A Brief History of The Russian Orthodox Church Abroad

The Russian Orthodox Church Abroad is the continuation of the historic Russian Orthodox Church which existed for centuries in Russia until the 1920s, when it was abolished by the atheist Soviet government. Initially, many thought the Communist regime would not endure, and then-Patriarch Tikhon mandated his most senior bishop, Metropolitan Anthony, to escape Russia and preserve the Church until it could safely be returned to the land. Sadly, the Soviet regime lasted for many years more.

Throughout the ensuing decades, the Church developed outside of Russia and formed dioceses and parishes throughout the world, bringing a multitude of varied people to Holy Orthodoxy. While fufilling its God-given task of evangelization, the Church never forgot its persecuted brothers and sisters in the homeland and supported the catacomb churches striving to survive spiritually and avoid persecution by the Soviet government. The Church Abroad was ably led by clerics of profound spiritual wisdom and insight, in succession: Metropolitans Anthony (Khrapovitsky), Anastasy (Gribanovsky), Philaret (Voznesensky) (now a glorified Saint), and Vitaly (Ustinov).

During the years of Soviet rule, the government realized the propaganda value of establishing the church again and found several bishops who would cooperate with the atheist government. This group was led by Metropolitan Sergius, who mistakenly believed cooperation would preserve the church from persecution. This belief is now termed “sergianism.” He signed a “Declaration” of allegiance to the government, which was used by the government to imprison, torment and murder hundreds of bishops, priests, monks, nuns, and thousands of believers. The bishops who supported Metropolitan Sergius did so in opposition to the vast majority of other bishops and caused a schism, a break, with the true representatives and believers. This schism has not been resolved to this day.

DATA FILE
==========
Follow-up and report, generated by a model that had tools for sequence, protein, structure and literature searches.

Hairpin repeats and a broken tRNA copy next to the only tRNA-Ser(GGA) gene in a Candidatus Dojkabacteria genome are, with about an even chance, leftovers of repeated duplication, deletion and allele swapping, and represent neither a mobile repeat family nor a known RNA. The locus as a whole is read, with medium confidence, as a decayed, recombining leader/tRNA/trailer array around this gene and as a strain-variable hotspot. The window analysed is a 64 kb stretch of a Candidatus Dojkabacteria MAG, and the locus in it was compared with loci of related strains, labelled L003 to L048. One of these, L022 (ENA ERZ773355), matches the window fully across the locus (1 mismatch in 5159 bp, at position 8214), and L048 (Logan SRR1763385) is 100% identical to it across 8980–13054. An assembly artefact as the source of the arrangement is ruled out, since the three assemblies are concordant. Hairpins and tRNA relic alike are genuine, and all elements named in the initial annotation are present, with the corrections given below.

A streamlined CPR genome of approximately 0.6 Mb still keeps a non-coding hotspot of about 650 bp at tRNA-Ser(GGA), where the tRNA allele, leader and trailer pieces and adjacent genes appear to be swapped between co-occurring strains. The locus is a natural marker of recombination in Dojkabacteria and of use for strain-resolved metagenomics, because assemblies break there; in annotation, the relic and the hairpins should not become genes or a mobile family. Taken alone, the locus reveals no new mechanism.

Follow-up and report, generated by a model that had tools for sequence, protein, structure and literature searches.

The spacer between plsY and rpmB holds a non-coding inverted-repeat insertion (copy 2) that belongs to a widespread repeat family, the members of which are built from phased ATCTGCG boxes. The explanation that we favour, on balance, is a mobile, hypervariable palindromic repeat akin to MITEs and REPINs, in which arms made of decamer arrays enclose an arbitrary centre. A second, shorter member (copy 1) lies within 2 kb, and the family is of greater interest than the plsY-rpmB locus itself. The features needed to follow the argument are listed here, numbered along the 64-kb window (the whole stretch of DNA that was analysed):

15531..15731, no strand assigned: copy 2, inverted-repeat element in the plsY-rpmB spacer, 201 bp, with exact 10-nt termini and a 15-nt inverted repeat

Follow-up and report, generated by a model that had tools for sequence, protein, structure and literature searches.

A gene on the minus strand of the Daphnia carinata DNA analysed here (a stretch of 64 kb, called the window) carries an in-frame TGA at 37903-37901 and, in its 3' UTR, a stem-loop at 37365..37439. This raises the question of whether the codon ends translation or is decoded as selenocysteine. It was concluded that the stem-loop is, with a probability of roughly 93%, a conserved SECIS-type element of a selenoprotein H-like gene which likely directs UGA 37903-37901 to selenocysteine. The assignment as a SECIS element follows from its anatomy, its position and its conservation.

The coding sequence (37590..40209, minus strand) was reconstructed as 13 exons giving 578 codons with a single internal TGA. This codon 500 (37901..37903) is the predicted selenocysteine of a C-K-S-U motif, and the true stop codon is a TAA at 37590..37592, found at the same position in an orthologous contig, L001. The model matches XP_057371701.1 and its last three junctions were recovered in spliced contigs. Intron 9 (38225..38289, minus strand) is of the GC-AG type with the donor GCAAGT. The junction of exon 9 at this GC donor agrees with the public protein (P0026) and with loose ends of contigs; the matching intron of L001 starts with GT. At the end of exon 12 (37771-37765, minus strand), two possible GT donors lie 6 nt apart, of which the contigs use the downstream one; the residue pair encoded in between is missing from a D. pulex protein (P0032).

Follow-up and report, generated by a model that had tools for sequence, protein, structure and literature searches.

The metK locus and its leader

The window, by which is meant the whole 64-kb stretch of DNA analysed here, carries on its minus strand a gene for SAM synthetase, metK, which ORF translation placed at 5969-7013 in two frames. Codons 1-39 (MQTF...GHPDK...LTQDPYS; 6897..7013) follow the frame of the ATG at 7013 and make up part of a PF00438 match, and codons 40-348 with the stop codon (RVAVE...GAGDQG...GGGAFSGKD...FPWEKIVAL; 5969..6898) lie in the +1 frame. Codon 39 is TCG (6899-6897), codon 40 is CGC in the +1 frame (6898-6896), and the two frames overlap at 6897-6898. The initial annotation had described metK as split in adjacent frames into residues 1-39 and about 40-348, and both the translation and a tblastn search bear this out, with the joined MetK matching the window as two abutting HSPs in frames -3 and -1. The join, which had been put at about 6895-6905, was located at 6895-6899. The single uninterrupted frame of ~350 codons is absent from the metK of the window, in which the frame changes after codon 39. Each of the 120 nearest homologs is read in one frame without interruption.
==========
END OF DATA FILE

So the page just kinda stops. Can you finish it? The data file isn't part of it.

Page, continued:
Later, during World War II, Stalin understood that the Russian people would not fight for the Soviet government, but would fight for their homeland and their faith. He established the Moscow Patriarchate (MP) and elevated Metropolitan Sergius as its first Patriarch. Sergius was followed by Patriarchs Alexy I, Pimen, and Alexy II. Since the Moscow Patriarchate was formed in schism and by the order of the atheist government, it cannot be considered the true Russian Orthodox Church. If it were to repent of its collaboration, it could join with the Russian Orthodox Church Abroad to restore the true Russian Orthodox Church.

In the years after the war, the Soviet government realized it could use the MP to further its domestic and foreign policies and allowed it to continue to exist, integrating it fully into the government structure. The MP became a member of the World Council of Churches (WCC), a global ecumenist organization, which professes that all Christian churches are equal and only different branches of the same tree. The MP also became another means for the KGB to hide its agents and conduct clandestine operations throughout the world.